Sunday, March 1, 2009
Cheap Hydrogen from a Stainless Steel Brush
Microbial electrolysis cells (MECs) have been developed over the last few years as a way to produce hydrogen from food scraps and waste water. To put it very simply, the microbes feed on the waste and with the help of electricity and a catalyst, hydrogen is made. So far, expensive platinum has been used as the catalyst in this process, which has been effective, but the cost has held the technology back. Now researchers at Penn State have found a cheap substitute: stainless steel.
A piece of stainless steel works as a catalyst, but is only one-third as effective as the platinum, but researchers found that arranging the stainless steel in the form of a high-density bristle brush upped the hydrogen production to match and even exceed that of the platinum. The best part is that while the platinum part costs 15 cents, the stainless steel brush only costs 3 cents.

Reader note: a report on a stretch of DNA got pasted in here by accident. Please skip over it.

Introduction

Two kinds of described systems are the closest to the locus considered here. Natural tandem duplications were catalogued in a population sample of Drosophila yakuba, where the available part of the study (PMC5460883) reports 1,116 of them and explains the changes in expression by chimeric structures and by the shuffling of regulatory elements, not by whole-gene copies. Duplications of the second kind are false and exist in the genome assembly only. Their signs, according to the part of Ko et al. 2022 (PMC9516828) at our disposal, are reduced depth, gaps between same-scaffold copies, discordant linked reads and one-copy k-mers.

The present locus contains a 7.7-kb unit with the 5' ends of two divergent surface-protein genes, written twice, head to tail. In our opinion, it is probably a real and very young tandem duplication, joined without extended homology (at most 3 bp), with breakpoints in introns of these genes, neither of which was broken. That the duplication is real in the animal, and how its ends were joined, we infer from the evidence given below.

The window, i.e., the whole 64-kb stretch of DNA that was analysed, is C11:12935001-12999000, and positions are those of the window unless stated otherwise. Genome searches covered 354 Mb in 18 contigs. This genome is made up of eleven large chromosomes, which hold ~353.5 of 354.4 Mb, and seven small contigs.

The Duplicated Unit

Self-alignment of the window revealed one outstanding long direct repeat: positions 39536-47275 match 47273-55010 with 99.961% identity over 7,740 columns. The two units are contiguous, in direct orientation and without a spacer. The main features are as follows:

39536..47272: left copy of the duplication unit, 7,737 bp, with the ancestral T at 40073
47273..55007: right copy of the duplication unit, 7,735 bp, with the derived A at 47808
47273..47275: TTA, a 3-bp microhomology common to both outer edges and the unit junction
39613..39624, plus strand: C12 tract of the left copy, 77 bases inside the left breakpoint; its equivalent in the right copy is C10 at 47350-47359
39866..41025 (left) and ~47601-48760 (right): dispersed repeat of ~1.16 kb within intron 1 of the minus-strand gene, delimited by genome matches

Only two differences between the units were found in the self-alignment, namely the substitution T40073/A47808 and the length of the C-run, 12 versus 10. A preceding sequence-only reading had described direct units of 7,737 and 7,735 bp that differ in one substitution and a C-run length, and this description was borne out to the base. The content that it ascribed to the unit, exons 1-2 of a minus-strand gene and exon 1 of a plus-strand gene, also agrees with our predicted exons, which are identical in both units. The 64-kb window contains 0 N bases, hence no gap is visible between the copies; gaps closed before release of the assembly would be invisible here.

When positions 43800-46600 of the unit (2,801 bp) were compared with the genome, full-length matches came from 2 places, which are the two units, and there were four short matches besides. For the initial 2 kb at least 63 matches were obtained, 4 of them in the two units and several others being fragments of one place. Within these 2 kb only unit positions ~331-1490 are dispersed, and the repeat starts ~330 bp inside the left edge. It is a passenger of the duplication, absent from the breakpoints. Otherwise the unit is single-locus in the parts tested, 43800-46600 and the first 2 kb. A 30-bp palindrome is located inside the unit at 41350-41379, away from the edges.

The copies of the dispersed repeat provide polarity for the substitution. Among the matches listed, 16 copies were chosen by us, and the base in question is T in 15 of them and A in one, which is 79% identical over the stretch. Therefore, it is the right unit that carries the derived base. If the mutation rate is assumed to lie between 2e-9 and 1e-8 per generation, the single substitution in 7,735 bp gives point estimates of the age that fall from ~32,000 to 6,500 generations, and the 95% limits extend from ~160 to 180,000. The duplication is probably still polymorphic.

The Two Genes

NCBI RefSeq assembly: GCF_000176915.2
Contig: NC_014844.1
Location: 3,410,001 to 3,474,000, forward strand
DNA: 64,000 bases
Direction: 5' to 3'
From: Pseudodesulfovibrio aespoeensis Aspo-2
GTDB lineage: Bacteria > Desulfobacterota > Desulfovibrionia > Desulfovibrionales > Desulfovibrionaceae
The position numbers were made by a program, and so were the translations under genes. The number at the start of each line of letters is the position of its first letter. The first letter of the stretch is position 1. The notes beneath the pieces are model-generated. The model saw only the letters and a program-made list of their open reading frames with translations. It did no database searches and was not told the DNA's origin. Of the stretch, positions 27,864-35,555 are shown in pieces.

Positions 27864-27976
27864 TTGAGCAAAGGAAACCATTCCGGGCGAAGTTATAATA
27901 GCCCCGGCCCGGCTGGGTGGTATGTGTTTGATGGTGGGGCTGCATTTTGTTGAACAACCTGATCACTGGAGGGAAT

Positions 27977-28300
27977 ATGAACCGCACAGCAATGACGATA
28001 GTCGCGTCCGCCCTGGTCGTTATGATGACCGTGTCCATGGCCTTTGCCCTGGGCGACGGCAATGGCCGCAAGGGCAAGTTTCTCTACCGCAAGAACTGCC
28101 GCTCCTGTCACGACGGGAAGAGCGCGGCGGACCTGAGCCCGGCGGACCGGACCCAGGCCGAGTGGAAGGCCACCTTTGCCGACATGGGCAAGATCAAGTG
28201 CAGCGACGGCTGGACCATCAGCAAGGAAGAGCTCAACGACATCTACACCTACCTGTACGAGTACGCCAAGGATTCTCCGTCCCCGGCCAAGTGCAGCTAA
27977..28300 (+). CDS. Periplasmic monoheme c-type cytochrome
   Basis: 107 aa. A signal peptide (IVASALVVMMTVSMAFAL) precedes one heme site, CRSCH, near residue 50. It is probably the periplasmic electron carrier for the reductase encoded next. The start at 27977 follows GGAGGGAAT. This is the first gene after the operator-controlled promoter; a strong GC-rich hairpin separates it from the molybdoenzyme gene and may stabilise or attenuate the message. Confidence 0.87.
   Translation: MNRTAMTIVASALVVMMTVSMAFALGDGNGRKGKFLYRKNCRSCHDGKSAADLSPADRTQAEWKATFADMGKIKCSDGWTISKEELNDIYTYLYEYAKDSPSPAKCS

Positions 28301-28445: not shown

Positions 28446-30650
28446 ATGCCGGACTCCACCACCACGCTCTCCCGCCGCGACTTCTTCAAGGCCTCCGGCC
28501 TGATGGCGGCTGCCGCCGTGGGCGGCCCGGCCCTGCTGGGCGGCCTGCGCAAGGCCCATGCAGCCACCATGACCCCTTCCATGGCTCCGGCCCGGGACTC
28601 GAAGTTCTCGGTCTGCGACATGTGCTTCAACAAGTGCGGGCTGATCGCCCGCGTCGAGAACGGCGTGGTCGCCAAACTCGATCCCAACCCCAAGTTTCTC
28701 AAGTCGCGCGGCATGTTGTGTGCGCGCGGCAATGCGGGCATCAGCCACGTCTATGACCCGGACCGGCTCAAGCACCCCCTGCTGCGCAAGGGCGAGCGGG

The researchers are still experimenting to find the best types and arrangements of stainless steel to maximize the hydrogen production, and even once those things are figured out, scientists will still have to discover a way to scale up this technology to be commercially viable. It seems daunting, but decreasing the cost will go a long way in allowing further progress.
The painting is by Baldomero Romero Ressendi